I am not referring to the RTTI not checked by the compiler. In that discussion at the linked thread, the data types Natural /\ Positive were not erased and the hypothetical compiler is checking them. Perhaps I have some mistake on that, but I don’t see it and I explained already in that other thread.

Please instead in the interim address the inability to express composability with trait objects:


Does rust really need higher kinded types?
#15

A collection of trait objects is extensible because it can deal with datatypes that are not yet known (a new type that wants to join the collection has to implement all the required trait functions).

This allows functions to be written in a true generic way, because when the function requires an Iterator, I know I can call the ‘successor’ function.

What is the alternative? If it doesn’t provide successor, how can I iterate over it?

Lets look at an enum as an alternative, here we cannot extend with a new datatype, but we can match on each type in the enum and do something different with it. It is a good thing that we cannot extend, lets look at some code:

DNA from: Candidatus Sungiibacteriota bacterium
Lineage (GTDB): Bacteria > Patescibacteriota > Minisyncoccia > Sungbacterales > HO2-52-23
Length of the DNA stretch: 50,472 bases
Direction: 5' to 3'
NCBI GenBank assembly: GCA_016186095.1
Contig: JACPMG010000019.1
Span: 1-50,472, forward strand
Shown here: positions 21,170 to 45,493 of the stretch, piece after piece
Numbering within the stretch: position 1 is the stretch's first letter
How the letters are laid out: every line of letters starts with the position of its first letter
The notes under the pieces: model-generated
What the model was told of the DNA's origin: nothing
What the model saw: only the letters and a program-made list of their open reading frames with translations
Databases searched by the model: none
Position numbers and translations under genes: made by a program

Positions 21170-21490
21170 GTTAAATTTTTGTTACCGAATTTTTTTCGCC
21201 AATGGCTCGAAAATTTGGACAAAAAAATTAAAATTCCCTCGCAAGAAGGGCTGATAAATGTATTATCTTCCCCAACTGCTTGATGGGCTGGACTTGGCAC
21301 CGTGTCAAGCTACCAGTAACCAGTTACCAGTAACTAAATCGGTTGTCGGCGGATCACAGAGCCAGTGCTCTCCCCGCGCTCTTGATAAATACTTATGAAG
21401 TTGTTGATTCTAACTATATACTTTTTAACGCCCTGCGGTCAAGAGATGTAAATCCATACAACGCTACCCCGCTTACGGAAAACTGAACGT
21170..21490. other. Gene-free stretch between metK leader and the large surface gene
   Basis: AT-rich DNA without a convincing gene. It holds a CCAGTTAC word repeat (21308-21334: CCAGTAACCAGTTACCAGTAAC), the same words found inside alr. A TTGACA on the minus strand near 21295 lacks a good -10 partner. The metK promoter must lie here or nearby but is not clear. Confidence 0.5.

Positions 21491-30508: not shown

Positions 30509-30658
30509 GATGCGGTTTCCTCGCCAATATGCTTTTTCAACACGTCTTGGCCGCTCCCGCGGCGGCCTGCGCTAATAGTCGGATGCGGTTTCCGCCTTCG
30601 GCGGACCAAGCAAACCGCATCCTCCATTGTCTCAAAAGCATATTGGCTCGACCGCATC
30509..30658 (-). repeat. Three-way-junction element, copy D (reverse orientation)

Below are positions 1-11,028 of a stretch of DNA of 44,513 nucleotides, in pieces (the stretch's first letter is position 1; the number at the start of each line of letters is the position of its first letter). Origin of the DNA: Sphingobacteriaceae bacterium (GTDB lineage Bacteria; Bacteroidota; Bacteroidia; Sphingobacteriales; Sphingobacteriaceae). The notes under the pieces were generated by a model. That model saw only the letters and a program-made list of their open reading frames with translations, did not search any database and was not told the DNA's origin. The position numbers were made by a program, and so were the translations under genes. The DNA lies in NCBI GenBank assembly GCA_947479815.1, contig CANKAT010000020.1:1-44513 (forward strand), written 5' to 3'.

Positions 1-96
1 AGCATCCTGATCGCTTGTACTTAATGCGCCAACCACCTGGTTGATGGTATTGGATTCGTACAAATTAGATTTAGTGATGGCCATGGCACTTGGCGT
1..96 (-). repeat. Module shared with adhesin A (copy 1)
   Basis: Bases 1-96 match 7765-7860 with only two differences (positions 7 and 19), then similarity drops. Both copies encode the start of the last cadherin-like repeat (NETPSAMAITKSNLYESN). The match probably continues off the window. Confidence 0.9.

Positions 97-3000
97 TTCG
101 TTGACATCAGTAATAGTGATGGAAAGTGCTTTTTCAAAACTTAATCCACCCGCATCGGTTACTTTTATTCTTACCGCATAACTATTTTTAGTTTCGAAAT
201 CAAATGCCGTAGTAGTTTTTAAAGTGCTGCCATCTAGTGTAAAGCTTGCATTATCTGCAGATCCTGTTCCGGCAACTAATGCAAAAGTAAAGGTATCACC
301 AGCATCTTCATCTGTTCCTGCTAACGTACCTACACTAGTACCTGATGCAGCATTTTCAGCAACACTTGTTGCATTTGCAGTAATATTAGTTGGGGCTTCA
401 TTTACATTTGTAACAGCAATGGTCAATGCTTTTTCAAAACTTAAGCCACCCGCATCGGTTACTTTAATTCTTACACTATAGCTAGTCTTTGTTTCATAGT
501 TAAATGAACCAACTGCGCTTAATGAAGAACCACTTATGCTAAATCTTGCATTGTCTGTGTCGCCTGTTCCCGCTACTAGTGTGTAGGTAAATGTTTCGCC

match thing {
    Type1(a) => ..
    Type2(a) => ..
}

If the type of “thing” is extended to include a new type, the above becomes unsafe, as it has no branch to handle the new type. When you add a new type all functions that match on the type needs rewriting.


#16

That is only one of the two dimensions in the Expression Problem. I edited my prior post, please re-read.


#17

Afaics you are conflating orthogonal issues. A function can ask for the traits it wants, but the collection can retain knowledge of the first-class union of data types it is populated with. Thus the Expression Problem is open in both dimensions. Afaics, the only downside is we will need to move the dictionaries (“vtable”) to a global hashtable.

Ah afaics (if I am not mistaken) I have a solution to that with first-class unions and a global hashtable for the dynamic dispatch. All statically type checked.


#18

I literally wrote "I can’t change the ValueType" and you write “wrong” but then you provide no argument about changing the ValueType. The type of the trait objects don’t change. Yes I can create new data types and implement them on the ValueType which is a trait object, but I can’t change the ValueType of the collection without building a new copy of the collection.